Booted Out of an Annual

Apr 1, 2023

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This unfortunate aircraft owner was placed in an untenable position by an unreasonable maintenance manager 

Sometimes truth is stranger than fiction. 

I’m going to change the names—I’ll call the aircraft owner “Oliver” and the A&P/IA “Isaac” and the shop manager “Maurice—and avoid geographical references. But I swear this really happened.

The story started some months ago when Oliver put his recently acquired 1960 Beech Debonair in the shop on his home airport for its 2022 annual inspection. This is his first airplane and was the first annual on his watch. He delivered the plane to the shop on a Friday.

Monday morning, the shop’s young A&P/IA, Isaac, ran up the engine to heat up the oil and cylinders, then started draining the oil and performing a hot compression check. All compressions tested okay except for cylinder #6 which measured 40/80. Cylinder #6 was borescoped, and the images did not reveal any obvious issues. 

Isaac cut open the oil filter and inspected it. A small amount of metal was found in the pleats, so Isaac placed the filter media in a plastic bag and overnighted it to Aviation Laboratories along with an oil sample. Meantime, the maintenance manager Maurice—who is not an A&P—told Oliver that he’d located a serviceable replacement cylinder.

On Tuesday, Oliver suggested that Isaac continue with the annual inspection while they were waiting for the lab results. Oliver removed the right wingtip and repaired a balky fuel quantity sending unit whose float had developed a leak.

Two New Problems

On Friday, Oliver received a phone call from Maurice, who said that “two new problems” had been discovered. “Let’s meet,” he told Oliver. (Uh oh!) When Oliver arrived at the shop, Maurice told him that the exhaust riser for the #1 cylinder had an ear broken off its flange, resulting in exhaust leakage at the #1 exhaust port. Oliver approved removing the broken exhaust riser and sending it off for repair. Maurice had worse news: Isaac had removed the #6 cylinder and discovered pitting on the cam lobe and lifter. Maurice told Oliver that the engine would need to be sent out for overhaul. Oliver was shocked.

Oliver walked out on the hangar floor to find Isaac, and asked him if he agreed with Maurice’s verdict that that the engine needed to be overhauled. Isaac indicated that he didn’t think the cam pitting was serious, and said that Continental’s guidance (SID05-1B) recommended installing a new lifter and then reinspecting it after 100 hours or one year, whichever came first. Oliver uttered a sigh of relief.

Oliver took some high-resolution photos of the cam lobe and lifter face and emailed them to the local engine overhaul shop (a very good one). After reviewing the photos, the engine shop agreed that the cam distress was minor. The engine shop’s advice was “polish the cam lobes as much as possible, replace the lifters with new ones, and then pull the lifters for inspection after 50 hours.” Oliver passed this on to Isaac, who fully agreed. Oliver gave Isaac approval to order the serviceable cylinder and a pair of new lifters.

The following Monday, Oliver received another call from Maurice. “Now we have a problem with cylinder #1.” Maurice explained that the exhaust port had been been eroded by the exhaust leak caused by the broken exhaust riser flange and would need to be sent out for resurfacing.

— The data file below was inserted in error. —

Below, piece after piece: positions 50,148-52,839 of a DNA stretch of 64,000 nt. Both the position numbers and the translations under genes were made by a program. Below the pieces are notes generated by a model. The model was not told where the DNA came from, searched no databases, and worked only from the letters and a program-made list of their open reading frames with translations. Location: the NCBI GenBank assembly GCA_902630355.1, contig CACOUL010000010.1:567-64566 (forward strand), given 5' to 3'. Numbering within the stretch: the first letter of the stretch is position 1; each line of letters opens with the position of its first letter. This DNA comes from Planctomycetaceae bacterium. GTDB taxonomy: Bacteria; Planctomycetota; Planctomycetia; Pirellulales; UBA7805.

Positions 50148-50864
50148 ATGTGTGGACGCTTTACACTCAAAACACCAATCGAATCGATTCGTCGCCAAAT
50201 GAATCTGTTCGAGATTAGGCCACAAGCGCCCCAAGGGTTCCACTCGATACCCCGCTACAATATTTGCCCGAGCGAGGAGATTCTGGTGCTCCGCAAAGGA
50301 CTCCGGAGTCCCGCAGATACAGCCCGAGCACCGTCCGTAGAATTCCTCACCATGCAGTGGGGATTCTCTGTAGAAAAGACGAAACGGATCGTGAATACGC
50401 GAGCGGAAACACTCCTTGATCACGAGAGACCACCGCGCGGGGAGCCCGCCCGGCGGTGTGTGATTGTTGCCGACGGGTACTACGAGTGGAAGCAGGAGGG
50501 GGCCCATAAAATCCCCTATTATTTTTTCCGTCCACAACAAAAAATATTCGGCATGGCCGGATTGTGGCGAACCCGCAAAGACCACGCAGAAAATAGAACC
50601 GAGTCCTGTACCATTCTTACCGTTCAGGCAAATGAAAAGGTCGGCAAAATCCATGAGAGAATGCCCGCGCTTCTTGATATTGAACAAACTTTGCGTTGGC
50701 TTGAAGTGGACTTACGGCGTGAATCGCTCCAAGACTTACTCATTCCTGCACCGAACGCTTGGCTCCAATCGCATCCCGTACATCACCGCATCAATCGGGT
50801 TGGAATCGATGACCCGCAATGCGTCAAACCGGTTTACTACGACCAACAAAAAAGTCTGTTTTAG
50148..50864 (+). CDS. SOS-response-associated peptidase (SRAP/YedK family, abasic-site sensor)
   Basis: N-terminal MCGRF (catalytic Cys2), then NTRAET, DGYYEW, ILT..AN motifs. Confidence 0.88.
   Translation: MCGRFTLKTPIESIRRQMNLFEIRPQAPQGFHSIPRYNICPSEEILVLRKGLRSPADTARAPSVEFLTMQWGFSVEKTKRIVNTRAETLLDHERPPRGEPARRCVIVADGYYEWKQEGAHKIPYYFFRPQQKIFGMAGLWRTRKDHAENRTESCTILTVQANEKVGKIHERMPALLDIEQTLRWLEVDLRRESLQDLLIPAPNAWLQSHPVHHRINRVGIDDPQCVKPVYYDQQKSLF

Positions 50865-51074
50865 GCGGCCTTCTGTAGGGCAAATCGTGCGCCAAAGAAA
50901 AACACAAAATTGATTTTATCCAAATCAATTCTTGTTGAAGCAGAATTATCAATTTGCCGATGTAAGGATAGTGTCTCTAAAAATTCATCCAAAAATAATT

“This engine really needs to be removed and sent out for overhaul,” Maurice told Oliver. “We cannot sign it off as airworthy.” When Oliver protested that he couldn’t see how a cylinder problem could justify tearing down the engine, Maurice said “bring the FAA in if you want.” He then suggested that if Oliver was unwilling to authorize the shop to do what was necessary to make the airplane safe, he might have no choice but to move the airplane out of the shop in its disassembled state.

Volcanic Eruption

Once again, Oliver sought out Isaac to get his take on all this. Isaac showed Oliver the issue with the eroded #1 exhaust flange, and said he didn’t feel an overhaul was necessary unless something serious was uncovered when the #1 cylinder was removed. At that point, Maurice walked into the hangar, spotted Oliver and Isaac conversing, and got visibly upset.

“Dammit, all I’m trying to do is save your A**!” Maurice bellowed at Oliver. Stunned, Oliver and Isaac were silent. Maurice then turned to Isaac. “Get this [expletives deleted] airplane out of MY hangar and off MY airport!” he screamed, and then returned to his office and slammed the door. 

Six cartons of parts were boxed up and placed inside the Debonair, whereupon it was removed from the maintenance shop and towed to a community storage hangar.

Later that day, Oliver received the oil and filter analysis results from Aviation Laboratories. The oil analysis was completely normal. The filter analysis found trace amounts of steel and aluminum, with a recommendation that another filter analysis be done at the next scheduled oil change. Oliver emailed these reports to Isaac and Maurice.

Over the weekend, Oliver went to the community storage hangar to view his disassembled Debonair with the six cartons of parts inside. He satisfied himself that the airplane was secure and undamaged. On Monday morning, Oliver reached out to Maurice and asked whether he had reviewed the oil and filter lab reports. “No, and it doesn’t matter,” replied Maurice. “There was metal in the filter so the engine needs to be overhauled.” 

Better Call Saul

It was at this point that I received a phone call from Oliver and disbelievingly listened to his extraordinary tale. “Can you help me?” he asked. 

I explained that my company generally doesn’t like to take on new clients in the middle of an annual inspection, particularly a contentious one. “We’re a lot better at preventing eggs from breaking than at unbreaking them once they’ve broken,” I said. Yet I just didn’t have the heart to leave Oliver in the lurch. “Let me check with my team and see what we can do,” I said.

I set up a quick call with my technical director Jeff Iskierka A&P/IA and my quality assurance manager Eric Svelmoe A&P/IA to fill them in on what I’d learned about Oliver’s extraordinary predicament. “Guys, can we help him?” Jeff and Eric instantly agreed that we had to try. I called Oliver to let him know, and to get his Debonair enrolled in our SavvyMx maintenance management program.